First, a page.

Adventures & experiences in contemporary technology
My laptop has both Windows Vista and Ubuntu on there with WUBI being the facilitator of the peaceful coexistence. However, what I either forgot or never realised was that it was the 64-bit variant of Ubuntu 9.04 that has found its way onto the thing. For the most part, it works well but there is one catch that I recently encountered: not every Firefox plugin or add-on is 64-bit compatible. Google Gears is one such example but other very useful and pervasive helpers have the same affliction. RealPlayer is one and Adobe’s Flash is another. Apparently, you can still download the 32-bit release versions and use nspluginwrapper to get them going. That worked for RealPlayer but seemingly not for Flash; more investigation may be needed on that one. Other remedies like using 32-bit Firefox (if it runs, of course) or alpha versions of what Adobe offers can be tried too. It almost goes without saying that I’d wish that there was more awareness of the 64-bit Linux world but I remain glad to have met this rough edge before taking the plunge with my main system.
Update 2014-01-24: It looks as if this problem has gone away now with the growth in maturity of 64-bit computing. Certainly, it does not rear its head on any 64-bit Linux distro that I have used or even Windows, apart perhaps from ensuring that you are using the right JRE for a browser (32-bit or 64-bit).
There are several things about the Linux/Ubuntu community that typify why general acceptance is still for Redmond’s offerings.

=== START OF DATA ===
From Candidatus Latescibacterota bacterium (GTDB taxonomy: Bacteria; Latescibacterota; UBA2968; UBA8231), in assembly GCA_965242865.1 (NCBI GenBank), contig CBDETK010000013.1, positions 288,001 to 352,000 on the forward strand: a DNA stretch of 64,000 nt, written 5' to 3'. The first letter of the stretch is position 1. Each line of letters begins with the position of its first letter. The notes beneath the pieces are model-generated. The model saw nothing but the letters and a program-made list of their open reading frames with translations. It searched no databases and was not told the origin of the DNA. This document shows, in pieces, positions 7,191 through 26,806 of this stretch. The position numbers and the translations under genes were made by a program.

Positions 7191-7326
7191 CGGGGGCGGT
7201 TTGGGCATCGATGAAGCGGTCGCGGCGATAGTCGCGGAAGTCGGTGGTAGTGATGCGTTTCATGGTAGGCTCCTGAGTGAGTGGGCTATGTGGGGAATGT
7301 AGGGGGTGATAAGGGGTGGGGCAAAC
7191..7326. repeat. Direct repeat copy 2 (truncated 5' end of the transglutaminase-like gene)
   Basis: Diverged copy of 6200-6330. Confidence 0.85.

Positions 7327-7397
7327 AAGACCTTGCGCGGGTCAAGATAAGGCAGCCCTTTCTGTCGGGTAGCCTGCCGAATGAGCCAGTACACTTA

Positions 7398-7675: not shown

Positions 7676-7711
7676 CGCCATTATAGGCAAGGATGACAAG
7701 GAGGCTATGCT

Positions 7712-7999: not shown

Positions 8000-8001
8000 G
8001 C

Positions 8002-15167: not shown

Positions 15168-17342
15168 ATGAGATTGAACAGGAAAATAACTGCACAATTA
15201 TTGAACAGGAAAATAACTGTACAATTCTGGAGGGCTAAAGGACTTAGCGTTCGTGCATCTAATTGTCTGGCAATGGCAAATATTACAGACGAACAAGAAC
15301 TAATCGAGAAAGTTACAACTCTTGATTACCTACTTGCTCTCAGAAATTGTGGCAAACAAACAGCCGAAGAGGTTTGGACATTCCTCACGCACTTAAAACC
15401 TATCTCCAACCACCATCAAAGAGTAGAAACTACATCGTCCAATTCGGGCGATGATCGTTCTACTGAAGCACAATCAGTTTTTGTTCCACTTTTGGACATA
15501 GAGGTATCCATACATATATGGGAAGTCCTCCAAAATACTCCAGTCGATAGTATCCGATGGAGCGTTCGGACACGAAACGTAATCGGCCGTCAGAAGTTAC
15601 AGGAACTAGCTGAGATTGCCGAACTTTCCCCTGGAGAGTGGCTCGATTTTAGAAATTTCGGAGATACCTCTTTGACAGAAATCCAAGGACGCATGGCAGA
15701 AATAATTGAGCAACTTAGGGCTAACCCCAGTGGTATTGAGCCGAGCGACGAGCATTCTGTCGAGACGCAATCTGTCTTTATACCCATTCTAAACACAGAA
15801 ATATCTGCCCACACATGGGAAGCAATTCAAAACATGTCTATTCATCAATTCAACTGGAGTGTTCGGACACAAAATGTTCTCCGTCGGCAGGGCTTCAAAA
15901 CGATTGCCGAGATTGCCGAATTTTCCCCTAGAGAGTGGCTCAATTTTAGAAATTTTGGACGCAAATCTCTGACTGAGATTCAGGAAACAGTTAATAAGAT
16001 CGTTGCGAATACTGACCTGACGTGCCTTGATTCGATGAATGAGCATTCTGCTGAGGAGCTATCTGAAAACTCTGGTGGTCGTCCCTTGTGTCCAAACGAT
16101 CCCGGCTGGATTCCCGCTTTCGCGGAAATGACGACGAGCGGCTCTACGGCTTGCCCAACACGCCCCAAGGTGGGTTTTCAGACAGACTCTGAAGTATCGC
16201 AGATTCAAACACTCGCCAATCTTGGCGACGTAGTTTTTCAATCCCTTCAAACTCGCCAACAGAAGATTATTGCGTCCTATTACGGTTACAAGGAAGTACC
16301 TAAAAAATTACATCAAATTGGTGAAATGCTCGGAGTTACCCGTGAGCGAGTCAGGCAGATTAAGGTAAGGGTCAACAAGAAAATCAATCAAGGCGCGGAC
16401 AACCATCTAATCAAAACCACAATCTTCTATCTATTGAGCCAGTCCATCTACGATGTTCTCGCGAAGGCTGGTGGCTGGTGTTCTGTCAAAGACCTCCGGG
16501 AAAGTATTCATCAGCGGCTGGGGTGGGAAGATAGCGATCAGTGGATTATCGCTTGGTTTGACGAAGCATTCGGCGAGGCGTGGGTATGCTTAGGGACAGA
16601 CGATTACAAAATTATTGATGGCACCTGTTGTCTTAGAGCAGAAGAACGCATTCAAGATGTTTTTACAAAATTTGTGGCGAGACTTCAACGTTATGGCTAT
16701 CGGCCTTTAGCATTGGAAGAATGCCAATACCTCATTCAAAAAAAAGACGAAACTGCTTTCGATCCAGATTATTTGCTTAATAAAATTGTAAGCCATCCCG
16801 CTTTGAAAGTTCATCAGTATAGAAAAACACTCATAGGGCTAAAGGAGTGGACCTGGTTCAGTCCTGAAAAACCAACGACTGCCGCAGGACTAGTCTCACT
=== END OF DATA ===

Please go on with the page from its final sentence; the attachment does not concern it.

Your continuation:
Poor install procedures,
negligible belief that there are any 64 bit computers…
The install procedures for each distribution seem proprietary and conflicting. The ‘universal’ tag and its many options seem to work, kind of, more or less, often inconsistently, at best.
Documentation is usually written, by someone assuming the reader knows more on the subject than the author… If that was the case, they would not need the poorly written offings of most documentation authors in the Linux arena. The real problem is that for Linux to work, there has to be simple (rarely), well written (hardly) documentation of instruction, not assumption.
Since almost all computers sold of late are 64 Bit, and more than enough come from AMD… Isn’t it nice to know Linux has just recently graduated to 32 Bit Processors, almost exclusively….?
What is wrong with using software to run on predominantly sold hardware without having to read the poorly written instructions for the nearly idiotic miasma of often difficult to install software???
Ubuntu 9.10 is now introducing the ‘software store’ with many of the difficult (and promised by them) software packages missing… Like Real Audio (and Helix is NOT Real Audio, yet) Lotus (only old systems, and yet they have lauded their relationship with IBM on this software)… Adobe’s offings… sorta…
Yet, they are to be praised for going better than the rest of the Linux community, if falling short.